Subject(s)
Adenosine Monophosphate/analogs & derivatives , Alanine/analogs & derivatives , Antiviral Agents/therapeutic use , COVID-19/drug therapy , COVID-19/virology , Hydroxychloroquine/therapeutic use , Viral Load/drug effects , Adenosine Monophosphate/therapeutic use , Alanine/therapeutic use , Antibodies, Viral/blood , Biomarkers/blood , COVID-19/complications , COVID-19/mortality , Cause of Death , Female , Hospital Mortality , Humans , Inflammation/virology , Male , Middle Aged , Norway/epidemiology , Oropharynx/virology , Respiratory Insufficiency/virology , SARS-CoV-2/immunology , Severity of Illness Index , Standard of Care , Treatment Outcome
9.
J Med Virol ; 93(12): 6732-6736, 2021 Dec.
Article in English | MEDLINE | ID: covidwho-1544326

ABSTRACT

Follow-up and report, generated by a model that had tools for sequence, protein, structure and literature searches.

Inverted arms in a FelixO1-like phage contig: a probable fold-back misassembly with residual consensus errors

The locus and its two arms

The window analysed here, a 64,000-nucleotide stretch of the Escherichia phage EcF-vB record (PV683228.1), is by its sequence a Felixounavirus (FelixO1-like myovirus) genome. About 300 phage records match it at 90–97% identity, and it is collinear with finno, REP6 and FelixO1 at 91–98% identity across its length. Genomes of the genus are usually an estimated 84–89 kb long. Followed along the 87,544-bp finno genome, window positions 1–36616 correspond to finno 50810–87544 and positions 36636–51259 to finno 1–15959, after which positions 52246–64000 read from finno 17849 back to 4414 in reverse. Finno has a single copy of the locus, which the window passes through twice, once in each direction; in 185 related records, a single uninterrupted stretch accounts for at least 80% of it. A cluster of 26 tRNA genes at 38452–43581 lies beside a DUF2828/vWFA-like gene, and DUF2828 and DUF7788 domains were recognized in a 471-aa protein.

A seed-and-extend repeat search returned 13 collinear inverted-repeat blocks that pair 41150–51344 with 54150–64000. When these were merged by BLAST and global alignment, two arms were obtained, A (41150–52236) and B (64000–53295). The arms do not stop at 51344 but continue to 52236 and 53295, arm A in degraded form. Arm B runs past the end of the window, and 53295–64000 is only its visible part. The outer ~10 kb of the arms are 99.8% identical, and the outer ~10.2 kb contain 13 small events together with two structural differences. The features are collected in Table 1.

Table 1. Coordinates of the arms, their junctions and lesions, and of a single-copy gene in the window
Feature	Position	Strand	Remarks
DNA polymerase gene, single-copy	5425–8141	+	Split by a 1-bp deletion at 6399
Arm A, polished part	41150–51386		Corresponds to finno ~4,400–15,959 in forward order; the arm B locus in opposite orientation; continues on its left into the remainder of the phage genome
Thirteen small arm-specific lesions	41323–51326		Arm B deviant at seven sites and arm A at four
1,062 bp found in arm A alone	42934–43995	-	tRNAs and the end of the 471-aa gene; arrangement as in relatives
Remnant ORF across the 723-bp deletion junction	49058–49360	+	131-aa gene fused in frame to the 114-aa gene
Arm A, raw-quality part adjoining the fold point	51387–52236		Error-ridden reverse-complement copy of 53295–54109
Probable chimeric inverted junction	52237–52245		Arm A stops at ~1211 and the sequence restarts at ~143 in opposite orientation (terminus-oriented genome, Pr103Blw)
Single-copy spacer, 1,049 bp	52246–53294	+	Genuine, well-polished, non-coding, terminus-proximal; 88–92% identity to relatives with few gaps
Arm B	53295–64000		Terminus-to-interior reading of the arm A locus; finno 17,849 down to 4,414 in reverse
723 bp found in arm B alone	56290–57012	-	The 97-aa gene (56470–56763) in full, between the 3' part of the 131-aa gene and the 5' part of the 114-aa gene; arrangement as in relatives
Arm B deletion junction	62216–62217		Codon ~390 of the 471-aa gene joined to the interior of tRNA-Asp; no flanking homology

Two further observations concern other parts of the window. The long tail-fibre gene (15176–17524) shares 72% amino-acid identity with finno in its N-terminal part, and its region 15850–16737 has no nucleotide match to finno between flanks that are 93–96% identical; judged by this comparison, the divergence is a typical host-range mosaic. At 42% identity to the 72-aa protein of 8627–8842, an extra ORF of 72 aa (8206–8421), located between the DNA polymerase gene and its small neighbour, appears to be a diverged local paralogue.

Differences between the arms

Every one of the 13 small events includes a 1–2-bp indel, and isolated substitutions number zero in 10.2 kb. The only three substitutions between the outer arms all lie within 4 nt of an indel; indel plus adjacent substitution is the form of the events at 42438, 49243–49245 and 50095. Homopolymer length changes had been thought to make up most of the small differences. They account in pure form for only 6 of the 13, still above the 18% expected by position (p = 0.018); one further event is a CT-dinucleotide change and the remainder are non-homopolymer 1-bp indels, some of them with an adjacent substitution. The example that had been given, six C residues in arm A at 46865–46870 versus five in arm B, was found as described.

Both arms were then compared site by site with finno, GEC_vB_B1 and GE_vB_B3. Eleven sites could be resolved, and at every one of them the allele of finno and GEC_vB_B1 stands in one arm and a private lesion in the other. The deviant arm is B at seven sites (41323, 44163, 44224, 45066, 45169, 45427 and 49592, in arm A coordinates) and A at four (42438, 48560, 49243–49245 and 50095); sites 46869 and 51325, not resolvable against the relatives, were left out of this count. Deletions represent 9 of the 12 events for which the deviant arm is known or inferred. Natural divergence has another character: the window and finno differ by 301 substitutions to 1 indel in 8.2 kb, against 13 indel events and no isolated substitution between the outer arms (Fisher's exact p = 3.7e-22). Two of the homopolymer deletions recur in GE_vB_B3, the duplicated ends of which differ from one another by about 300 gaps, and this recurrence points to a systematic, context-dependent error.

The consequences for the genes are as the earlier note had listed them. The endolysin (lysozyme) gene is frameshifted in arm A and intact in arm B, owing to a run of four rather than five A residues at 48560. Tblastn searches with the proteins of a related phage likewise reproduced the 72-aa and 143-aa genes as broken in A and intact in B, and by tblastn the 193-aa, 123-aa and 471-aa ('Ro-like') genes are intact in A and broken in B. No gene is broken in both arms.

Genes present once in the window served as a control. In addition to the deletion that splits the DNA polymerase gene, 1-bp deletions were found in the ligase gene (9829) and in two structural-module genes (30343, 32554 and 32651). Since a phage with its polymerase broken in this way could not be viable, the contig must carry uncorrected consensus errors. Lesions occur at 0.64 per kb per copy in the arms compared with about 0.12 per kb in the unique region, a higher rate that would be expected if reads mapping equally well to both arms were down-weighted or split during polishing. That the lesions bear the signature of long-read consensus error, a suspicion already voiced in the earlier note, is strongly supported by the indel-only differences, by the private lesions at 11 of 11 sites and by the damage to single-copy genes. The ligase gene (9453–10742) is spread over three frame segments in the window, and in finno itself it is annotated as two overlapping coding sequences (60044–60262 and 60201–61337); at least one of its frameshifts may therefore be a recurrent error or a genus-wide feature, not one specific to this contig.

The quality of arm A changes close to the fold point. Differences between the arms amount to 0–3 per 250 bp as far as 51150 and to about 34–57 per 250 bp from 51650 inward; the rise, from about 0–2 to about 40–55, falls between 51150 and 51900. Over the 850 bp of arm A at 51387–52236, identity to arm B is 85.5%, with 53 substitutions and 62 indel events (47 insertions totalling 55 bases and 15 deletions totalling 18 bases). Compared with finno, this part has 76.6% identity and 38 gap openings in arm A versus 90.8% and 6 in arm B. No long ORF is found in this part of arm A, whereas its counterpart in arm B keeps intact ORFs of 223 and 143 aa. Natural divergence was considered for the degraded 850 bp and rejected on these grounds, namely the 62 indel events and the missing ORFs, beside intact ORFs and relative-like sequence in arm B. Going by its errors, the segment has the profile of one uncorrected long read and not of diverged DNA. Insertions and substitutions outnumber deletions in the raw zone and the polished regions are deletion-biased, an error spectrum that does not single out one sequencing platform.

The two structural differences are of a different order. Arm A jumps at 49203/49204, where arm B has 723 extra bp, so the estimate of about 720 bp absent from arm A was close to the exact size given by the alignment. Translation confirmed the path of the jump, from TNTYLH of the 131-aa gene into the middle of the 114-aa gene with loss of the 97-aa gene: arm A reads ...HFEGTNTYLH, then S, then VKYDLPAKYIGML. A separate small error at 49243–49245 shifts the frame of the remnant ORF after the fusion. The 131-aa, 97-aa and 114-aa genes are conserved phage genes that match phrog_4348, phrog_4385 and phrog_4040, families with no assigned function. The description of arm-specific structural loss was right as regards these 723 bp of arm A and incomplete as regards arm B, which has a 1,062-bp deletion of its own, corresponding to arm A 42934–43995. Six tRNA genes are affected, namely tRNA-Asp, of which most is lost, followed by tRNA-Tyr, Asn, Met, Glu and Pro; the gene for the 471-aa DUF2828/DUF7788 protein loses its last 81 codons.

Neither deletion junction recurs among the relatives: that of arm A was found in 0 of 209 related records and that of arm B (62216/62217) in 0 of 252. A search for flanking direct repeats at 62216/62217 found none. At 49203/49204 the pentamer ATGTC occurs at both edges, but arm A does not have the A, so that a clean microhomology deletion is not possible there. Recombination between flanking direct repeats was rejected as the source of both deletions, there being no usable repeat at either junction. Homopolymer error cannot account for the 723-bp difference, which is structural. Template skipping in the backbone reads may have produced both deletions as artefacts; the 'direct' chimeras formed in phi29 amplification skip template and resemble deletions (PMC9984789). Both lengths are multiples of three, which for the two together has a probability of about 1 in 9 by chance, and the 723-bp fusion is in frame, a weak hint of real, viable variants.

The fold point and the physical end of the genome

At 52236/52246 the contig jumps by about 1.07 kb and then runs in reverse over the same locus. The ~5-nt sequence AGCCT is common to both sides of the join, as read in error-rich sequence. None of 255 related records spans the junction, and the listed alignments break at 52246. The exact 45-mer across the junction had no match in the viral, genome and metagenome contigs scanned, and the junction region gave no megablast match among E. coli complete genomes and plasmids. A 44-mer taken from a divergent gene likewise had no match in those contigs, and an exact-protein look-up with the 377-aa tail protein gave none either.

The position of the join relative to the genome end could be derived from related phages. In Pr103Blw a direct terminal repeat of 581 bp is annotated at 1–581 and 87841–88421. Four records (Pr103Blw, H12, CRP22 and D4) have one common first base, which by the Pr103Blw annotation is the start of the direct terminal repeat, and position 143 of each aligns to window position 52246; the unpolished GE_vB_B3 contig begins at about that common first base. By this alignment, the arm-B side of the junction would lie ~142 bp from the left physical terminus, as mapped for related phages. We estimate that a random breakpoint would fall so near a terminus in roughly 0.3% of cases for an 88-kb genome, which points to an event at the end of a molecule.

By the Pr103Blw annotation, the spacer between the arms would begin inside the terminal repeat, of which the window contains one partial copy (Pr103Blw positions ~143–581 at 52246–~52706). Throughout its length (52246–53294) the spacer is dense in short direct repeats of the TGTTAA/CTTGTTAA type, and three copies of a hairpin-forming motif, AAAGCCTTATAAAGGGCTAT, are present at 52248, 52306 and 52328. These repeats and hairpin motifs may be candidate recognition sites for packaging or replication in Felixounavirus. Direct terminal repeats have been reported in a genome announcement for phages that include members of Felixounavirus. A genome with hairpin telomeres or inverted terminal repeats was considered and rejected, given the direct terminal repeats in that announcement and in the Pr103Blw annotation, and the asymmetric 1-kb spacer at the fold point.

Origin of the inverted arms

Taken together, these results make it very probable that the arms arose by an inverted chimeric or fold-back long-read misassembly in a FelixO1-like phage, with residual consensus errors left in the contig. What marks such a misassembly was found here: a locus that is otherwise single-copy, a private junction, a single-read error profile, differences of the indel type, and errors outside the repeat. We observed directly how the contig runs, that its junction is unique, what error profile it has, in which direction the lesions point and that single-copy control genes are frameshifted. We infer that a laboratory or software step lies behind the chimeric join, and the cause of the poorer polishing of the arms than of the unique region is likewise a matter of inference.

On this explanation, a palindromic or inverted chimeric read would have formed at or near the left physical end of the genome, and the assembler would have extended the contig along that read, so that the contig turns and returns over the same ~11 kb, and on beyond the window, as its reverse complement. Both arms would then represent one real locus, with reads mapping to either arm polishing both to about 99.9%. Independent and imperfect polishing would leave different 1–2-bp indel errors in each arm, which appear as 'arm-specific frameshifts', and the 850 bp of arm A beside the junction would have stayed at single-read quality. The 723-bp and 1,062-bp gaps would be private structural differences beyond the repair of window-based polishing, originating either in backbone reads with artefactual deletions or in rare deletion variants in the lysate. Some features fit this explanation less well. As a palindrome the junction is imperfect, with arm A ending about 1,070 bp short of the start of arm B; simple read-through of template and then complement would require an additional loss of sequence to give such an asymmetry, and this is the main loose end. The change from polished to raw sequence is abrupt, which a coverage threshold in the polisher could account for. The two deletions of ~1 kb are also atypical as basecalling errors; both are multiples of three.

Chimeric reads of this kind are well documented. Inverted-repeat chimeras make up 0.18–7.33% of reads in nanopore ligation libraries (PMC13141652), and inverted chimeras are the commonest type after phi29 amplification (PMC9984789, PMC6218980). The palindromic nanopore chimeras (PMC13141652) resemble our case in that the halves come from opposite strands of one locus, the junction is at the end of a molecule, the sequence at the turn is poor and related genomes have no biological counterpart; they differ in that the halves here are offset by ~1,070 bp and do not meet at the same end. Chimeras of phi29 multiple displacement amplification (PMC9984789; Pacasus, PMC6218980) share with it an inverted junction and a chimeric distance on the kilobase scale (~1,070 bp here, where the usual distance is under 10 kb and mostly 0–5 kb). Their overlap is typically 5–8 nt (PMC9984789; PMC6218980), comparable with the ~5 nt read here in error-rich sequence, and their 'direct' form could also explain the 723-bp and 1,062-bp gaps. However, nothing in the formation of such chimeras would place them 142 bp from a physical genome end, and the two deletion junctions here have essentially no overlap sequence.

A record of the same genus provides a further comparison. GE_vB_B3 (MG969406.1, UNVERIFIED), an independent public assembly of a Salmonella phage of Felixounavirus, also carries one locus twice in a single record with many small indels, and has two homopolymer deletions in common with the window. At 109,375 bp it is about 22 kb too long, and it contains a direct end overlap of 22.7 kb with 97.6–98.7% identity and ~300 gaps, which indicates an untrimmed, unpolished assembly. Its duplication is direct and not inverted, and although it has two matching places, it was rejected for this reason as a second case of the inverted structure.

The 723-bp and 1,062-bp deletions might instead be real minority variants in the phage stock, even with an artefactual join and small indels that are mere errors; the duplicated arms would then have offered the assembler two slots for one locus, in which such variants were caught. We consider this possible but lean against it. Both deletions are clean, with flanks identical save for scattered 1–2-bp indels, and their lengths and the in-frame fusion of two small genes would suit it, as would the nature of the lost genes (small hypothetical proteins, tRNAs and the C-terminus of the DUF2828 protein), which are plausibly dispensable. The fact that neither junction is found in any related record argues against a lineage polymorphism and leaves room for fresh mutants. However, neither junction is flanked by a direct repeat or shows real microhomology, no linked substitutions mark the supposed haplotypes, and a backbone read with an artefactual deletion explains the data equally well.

We aimed to investigate the interventions of remdesivir in both diabetic and nondiabetic individuals who were suffering from a severe infection of novel coronavirus disease (COVID-19). In this study, we aimed to explore the relationship between therapeutic effectiveness of remdesivir and complications of diabetes mellitus by observing the recovery period among diabetic and nondiabetic patients associated with COVID-19 infection. A total of 850 COVID-19 patients were recruited for this study, out of which 48% were diabetic and 52% were nondiabetics. The results of this study indicated that nondiabetic individuals administered with remdesivir recovered from COVID-19 within 10 days showing a 95% confidence interval (p < 0.01), while the diabetic individuals recovered in 15 days. Nondiabetic patients administered with remdesivir exhibited higher chances of clinical improvement at 15th day than those who were associated with diabetes. Remdesivir administration improved the levels of various biochemical parameters, such as C-reactive protein, lactate dehydrogenase, d-Dimer, and ferritin both in diabetic and nondiabetic patients. However, a significant improvement (p < 0.01) was seen in the level of biochemical parameters among nondiabetic patients as compared to that of diabetic patients administered with remdesivir treatment. In the end, it was concluded that remdesivir could be considered as a possible therapeutic agent in the treatment of COVID-19 both in diabetic and nondiabetic situations. However, diabetic patients showed a delayed recovery as compared with that of nondiabetic patients, in which the recovery rate was high.